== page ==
The designer indicates that she’ll also keep doing suiting, which seems counterintuitive in a work from home world. “There is always a debate in the Never underestimate an old man who loves Snowmobile shirt Besides,I will do this industry about whether tailoring is going to slow down or not, but actually we see potential there, or room in the market still,” said Sandor on a call, “especially in, we call it neo-tailoring.” She gives as an example the collection’s must-have stirrup pants made from a suiting fabric. These have a winning, sporty quality—with legs. Knits are a strong category for Nanushka, and are also lockdown-friendly. For fall the options run from lounge-y (a white ribbed zip top and pants set) to sophisticated (a cape coat with dramatic collar). Also at play is a hard/soft dichotomy, the latter best exemplified by a glamorous pink silky bolero-wrap. Adding texture is a rippled ribbon fabric of recycled polyester (see the sleek hooded top) that Sandor says we’ll be seeing more of.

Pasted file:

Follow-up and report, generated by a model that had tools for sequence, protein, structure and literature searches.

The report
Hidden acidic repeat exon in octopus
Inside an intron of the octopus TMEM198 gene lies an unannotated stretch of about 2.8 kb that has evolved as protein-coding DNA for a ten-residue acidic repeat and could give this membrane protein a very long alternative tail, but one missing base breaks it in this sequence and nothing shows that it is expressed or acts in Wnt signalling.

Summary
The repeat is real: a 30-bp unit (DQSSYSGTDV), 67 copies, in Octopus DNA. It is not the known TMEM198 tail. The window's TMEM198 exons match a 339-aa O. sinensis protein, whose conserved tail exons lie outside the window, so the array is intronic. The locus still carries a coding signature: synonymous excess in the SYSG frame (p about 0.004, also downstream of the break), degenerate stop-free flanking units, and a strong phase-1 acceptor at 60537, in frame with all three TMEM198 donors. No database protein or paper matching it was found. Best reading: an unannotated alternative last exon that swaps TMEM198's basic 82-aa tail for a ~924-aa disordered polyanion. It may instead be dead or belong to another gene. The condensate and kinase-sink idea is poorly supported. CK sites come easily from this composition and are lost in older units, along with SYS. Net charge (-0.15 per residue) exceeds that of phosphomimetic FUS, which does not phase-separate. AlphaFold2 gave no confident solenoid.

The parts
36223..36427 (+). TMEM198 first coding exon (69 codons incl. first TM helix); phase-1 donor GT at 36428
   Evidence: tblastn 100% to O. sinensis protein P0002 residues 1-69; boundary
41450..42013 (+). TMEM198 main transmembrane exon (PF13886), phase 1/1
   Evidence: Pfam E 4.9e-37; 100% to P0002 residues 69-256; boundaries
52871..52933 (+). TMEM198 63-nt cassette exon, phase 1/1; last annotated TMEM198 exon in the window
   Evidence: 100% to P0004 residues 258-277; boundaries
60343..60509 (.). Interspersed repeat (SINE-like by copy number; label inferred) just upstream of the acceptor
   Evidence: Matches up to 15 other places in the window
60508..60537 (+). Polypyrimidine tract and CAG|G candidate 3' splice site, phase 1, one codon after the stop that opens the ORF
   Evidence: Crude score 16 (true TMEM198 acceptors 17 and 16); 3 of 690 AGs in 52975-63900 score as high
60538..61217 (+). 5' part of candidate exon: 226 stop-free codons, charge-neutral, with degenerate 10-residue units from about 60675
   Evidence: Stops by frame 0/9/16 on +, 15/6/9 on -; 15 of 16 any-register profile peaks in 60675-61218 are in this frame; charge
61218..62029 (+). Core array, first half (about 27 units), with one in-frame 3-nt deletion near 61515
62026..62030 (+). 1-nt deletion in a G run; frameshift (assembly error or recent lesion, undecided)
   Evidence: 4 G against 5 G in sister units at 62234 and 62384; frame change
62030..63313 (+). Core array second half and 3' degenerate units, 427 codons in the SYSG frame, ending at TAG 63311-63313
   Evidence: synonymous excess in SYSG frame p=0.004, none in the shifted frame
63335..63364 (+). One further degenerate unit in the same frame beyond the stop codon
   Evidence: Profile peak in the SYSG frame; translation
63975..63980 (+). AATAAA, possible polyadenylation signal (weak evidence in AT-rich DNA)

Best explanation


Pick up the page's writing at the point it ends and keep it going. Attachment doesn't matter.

Stuart Vevers and Coach’s collection videos may end up being front-runners for fashion film of the Never underestimate an old man who loves Snowmobile shirt Besides,I will do this year. The brand’s Coach TV program, a lineup of shorts written and directed by Frances Frances (with additional footage by Dani Aphrodite, Alessandro Simonetti, and Cake Films), is the rare instance of a digital fashion experience being just as good, if not better, than the real thing. It’s not just because of the popcorn and candy the brand sent in the mail: Coach’s method leaves fashion shows firmly in the past. The label has gone all in on the dynamism, narrative, and comedy the silver screen offers, letting the clothing be the supporting cast for its stars: Megan Thee Stallion, Michael B. Jordan, Jennifer Lopez, Tavi Gevinson, Cole Sprouse, KJ Apa, Rickey Thompson, Hari Nef, and more. The many segments that make up Coach TV are kitschy, funny, sensual, and surreal, spoofing TV shows like Friends and the Home Shopping Network. Fashion is truly in the service of storytelling—and isn’t that the point of all this? To sell clothing in a way that allows people to imagine it in their own lives, in their own stories?